Summary by Ken Wombacher
Master of Accountancy Program
University of South Florida, Fall 2000
The purpose of this paper is to illustrate how linking the Balanced Scorecard to a JIT manufacturing system can increase the effectiveness of both.
The Problem: After defining the balanced scorecard and just in time manufacturing Clinton states the problem as follows: US companies implemented Japanese JIT systems with only mixed success. Radical changes in the manufacturing process were made, but traditional performance measurement systems were maintained . Result: inconsistent performance evaluation and dysfunctional behavior.
The Solution: Integrating the Balanced Scorecard with the JIT system.
Step 1: Identify Manufacturing Control Activities. Management first formulates a strategic plan. Next the business is subdivided into the various activities that support the plan.
Step 2: Map these activities to their related drivers (metrics). Drivers (metrics) are identified which are used to measure and manage the activity.
Step 3: Time sequence each measure in its linkages to other measures. Identify if the activity is short term, intermediate or long-term. This helps to insure a clear purpose for the activity.
Step 4: Link the metrics together so that they are both reinforcing and supportive of strategic objectives. The value of specific activities can be assessed by linking them all the way from their short-term drivers through their intermediate indicators and ultimately to their long-term validation (see figure 1).
Step 5: Establish a Value-Chain linkage to facilitate an overall management assessment of value creation across functional categories. (See figure 2.) Analysis of value chain allows managers to identify the phase where the primary drivers of results occur.
|Figure 1: Time linkages|
|Short-term Drivers||Intermediate Indicators||Long-Term Validator|
|Number of employee complaints||Employee Satisfaction||Employee Turnover|
|Number of customer complaints||Customer Satisfaction||Market Share|
|Percent of activities non-value added||Process Quality||Cash flow ROI|
|Figure 2: Value Chain linkages|
|# of new products||Process reliability||% On time delivery||# of warranty claims|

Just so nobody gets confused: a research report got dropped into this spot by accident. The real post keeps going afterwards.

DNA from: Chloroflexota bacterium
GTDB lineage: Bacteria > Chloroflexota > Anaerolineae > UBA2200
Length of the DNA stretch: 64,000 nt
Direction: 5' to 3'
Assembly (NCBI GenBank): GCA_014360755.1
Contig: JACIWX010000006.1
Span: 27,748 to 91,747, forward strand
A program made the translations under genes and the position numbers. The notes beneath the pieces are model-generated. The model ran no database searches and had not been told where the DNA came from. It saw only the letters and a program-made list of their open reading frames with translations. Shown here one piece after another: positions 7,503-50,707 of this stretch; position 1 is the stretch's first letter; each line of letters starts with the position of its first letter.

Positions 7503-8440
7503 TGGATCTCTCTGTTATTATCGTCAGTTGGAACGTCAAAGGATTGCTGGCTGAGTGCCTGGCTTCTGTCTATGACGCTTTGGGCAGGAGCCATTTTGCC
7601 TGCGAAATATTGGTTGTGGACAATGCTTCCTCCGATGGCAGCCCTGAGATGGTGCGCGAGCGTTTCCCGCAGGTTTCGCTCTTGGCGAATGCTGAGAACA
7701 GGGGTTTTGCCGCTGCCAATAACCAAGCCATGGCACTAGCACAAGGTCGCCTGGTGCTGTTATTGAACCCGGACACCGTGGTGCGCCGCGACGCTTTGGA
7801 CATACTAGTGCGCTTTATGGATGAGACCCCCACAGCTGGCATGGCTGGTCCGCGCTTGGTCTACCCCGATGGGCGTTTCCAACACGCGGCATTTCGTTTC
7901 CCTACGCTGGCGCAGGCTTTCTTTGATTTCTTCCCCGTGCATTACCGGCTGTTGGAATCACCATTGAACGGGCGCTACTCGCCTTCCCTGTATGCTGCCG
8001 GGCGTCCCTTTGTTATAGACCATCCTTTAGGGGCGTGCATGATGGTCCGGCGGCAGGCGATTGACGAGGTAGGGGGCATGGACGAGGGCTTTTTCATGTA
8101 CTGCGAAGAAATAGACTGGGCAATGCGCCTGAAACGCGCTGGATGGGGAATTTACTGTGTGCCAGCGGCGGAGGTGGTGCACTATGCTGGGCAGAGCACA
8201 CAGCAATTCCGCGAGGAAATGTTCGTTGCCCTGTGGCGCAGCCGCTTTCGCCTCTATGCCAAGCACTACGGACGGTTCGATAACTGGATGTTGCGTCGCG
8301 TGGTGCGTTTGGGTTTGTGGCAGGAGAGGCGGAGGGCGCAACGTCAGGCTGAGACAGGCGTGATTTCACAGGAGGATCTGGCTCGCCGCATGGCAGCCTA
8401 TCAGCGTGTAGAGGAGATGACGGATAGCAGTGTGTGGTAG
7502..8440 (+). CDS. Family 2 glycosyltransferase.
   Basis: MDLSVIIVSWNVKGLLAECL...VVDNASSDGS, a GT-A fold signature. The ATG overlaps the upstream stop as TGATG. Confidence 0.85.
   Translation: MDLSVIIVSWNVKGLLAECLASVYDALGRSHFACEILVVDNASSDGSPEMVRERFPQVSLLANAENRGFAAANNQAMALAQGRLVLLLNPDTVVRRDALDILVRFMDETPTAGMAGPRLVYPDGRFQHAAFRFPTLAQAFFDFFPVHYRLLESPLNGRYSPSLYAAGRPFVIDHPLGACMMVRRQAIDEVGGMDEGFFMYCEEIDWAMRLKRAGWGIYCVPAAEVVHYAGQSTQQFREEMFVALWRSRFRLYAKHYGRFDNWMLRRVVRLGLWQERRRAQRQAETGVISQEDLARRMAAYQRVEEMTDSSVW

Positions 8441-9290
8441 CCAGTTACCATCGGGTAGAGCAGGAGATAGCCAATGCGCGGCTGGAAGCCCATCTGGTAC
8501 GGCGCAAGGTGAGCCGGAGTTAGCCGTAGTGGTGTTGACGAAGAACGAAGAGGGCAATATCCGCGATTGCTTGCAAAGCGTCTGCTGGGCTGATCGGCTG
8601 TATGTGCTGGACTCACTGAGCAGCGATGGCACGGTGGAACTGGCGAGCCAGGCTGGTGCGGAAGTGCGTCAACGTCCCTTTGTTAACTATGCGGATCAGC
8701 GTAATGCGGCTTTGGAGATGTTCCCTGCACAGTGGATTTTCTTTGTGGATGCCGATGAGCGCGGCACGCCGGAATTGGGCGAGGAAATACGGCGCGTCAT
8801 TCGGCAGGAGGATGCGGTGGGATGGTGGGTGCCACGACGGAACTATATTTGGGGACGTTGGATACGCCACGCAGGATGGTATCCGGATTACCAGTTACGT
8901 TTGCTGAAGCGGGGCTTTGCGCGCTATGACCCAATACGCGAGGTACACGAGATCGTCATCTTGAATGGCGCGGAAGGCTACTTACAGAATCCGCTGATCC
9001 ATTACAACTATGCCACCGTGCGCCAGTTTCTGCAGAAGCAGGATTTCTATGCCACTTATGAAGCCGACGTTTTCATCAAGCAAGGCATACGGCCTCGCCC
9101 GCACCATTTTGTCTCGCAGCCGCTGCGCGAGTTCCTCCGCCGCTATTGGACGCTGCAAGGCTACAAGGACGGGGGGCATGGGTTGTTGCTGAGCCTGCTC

Activity drivers of the JIT system become metrics in the Balanced scorecard. Big picture analysis can be provided by the Balanced scorecard which takes into account the activity linkages, the time linkages and the value chain phases. More relevant performance measures are available to manage the JIT system. Companies can benefit from a systematic way to analyze and control operations in a timely and relevant manner.
Baggaley, B. and B. Maskell. 2003. Value stream management for lean companies, Part I. Journal of Cost Management (March/April): 23-27. (Summary).
Baggaley, B. and B. Maskell. 2003. Value stream management for lean companies, Part II. Journal of Cost Management (May/June): 24-30. (Summary).
Borthick, A. F., P. L. Bowen, and M. C. Sullivan. 1998. Controlling JIT II: Making the system monitor itself. Journal of Cost Management (July/August): 33-41. (Summary).
Carr, L. P. and C. D. Ittner. 1992. Measuring the cost of ownership. Journal of Cost Management (Fall): 42-51. (Summary).
Castellano, J. F. and R. Burrows. 2011. Relevance lost: The practice/classroom gap. Management Accounting Quarterly (Winter): 41-48. (Summary).
Kaplan, R. S. 1998. Innovation action research: Creating new management theory and practice. Journal of Management Accounting Research (10): 89-118. (Summary).
Kaplan, R. S. and D. P. Norton. 1992. The balanced scorecard - Measures that drive performance. Harvard Business Review (January/February): 71-79. (Summary).
Kaplan, R. S. and D. P. Norton. 1996. The Balanced Scorecard: Translating Strategy into Action Boston: Harvard Business School Press. (Summary).
Kaplan, R. S. and D. P. Norton. 2001. The Strategy-Focused Organization: How Balanced Scorecard Companies Thrive in the New Business Environment. Harvard Business School Press. (Summary).
Ittner, C. D. and D. F. Larcker. 2003. Coming up short on nonfinancial performance measurement. Harvard Business Review (November): 88-95. (Summary).
Lipe, M. and S. Salterio. 2000. The balanced scorecard: Judgmental effects of common and unique performance measures. The Accounting Review (July): 283-298. (Summary).
Lipe, M. G. and S. Salterio. 2002. A note on the judgmental effects of the balanced scorecard's information organization. Accounting, Organizations and Society 27(6): 531-540. (Summary).
Martin, J. R. Not dated. Lean concepts and terms. Management And Accounting Web. http://maaw.info/LeanConceptsandTermsSummary.htm
Martin, J. R. Not dated. Profit Beyond Measure graphics and notes. Management And Accounting Web. http://maaw.info/ArticleSummaries/ArtSumJohnsonBromsGraphicsNotes.htm
Martin, J. R. Not dated. What is lean accounting? Management And Accounting Web. http://maaw.info/LeanAccounting.htm
Norreklit, H. 2003. The balanced scorecard: What is the score? A rhetorical analysis of the balanced scorecard. Accounting, Organizations and Society 28(6): 591-619. (Summary).